Renewables are also part of the future energy snapshot. HEA is working with Ocean Renewable Power Company on a pilot project to develop a tidal power project in Cook Inlet, near the East Foreland area. The initial plan is to install four 150-kilowatt devices into Cook Inlet. If the initial phase is successful, the project would be expanded to a five megawatt system. The project timeline is dependent on obtaining grant funds for the demonstration project.
HEA Board Member Jim Levine said it’s an exciting time for HEA.
“It’s great. We’re providing for our own power now instead of buying it from somebody else. It adds jobs to the peninsula and that’s good,” Levine said.
Michael O’Meara, the spokesman for the Homer Electric Membership, said he has nothing but praise for the concept of co-generation – using the steam to lower the amount of natural gas. But he warns it won’t lower electric rates.
“It won’t lower anyone’s electric bills. It’s unlikely anything that anyone does can do that. In order to generate power, we committed the next 20-30 years to using primarily natural gas. As long as you have to buy fuel, it’s going to be tied to the market and a long range curve for all fossil fuels is to increase in expense,” O’Meara said.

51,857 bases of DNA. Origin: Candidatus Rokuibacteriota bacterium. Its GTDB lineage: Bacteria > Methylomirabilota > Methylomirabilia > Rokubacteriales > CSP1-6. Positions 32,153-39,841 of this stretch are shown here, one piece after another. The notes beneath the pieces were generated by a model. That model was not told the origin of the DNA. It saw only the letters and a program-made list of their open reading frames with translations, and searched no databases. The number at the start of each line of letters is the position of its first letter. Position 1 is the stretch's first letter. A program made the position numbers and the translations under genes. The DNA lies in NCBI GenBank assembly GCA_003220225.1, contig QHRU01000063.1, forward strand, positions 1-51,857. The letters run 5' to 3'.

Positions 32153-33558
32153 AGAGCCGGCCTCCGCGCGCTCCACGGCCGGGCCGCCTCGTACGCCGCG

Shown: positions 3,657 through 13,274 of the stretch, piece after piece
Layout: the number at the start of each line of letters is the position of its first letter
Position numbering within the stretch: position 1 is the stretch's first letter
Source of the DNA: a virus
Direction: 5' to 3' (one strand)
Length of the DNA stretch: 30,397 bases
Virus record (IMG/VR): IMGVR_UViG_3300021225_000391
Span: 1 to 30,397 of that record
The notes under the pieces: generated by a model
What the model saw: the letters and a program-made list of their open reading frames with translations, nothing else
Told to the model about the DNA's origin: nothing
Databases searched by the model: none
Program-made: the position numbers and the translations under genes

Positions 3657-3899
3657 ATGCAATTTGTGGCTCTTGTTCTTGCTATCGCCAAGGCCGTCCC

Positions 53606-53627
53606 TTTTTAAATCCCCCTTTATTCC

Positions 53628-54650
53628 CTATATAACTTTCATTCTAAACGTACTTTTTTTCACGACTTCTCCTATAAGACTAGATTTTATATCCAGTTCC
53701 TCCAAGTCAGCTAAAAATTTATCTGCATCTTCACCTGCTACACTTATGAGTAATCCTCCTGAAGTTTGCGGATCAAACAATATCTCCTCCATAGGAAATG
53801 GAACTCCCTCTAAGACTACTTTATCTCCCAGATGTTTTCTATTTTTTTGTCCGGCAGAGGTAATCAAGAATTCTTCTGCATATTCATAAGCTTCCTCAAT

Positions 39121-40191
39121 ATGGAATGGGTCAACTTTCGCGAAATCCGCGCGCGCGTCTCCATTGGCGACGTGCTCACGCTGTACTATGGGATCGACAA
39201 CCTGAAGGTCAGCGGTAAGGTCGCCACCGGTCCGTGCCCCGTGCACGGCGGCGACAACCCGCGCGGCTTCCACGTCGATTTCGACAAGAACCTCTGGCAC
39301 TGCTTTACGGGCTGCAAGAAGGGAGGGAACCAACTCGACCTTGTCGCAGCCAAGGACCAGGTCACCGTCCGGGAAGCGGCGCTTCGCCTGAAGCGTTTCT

But it could help stabilize rates because the steam turbine can generate up to 40 percent of the electricity, O’Meara said. “Then we don’t have to buy as much fuel.”
All of these projects, under the umbrella of Independent Light, took an initial investment of loans.
“We haven’t started paying back the costs through rates, because that can’t be done until the system comes on line,” O’Meara said. In 2014, people can expect to see some rather significant costs in their HEA bills as they recover the costs from the loans, though O’Meara said he’s sure the costs will be phased in and gradual. Gallagher agreed.
In the big picture, consumers need to be realistic – they will never see low utility rates in the future. But they can make homes more energy efficient and reduce costs that way.
“The solution is to use the energy you have as efficiently as possible. You will save money. So that’s the place to start,” he added.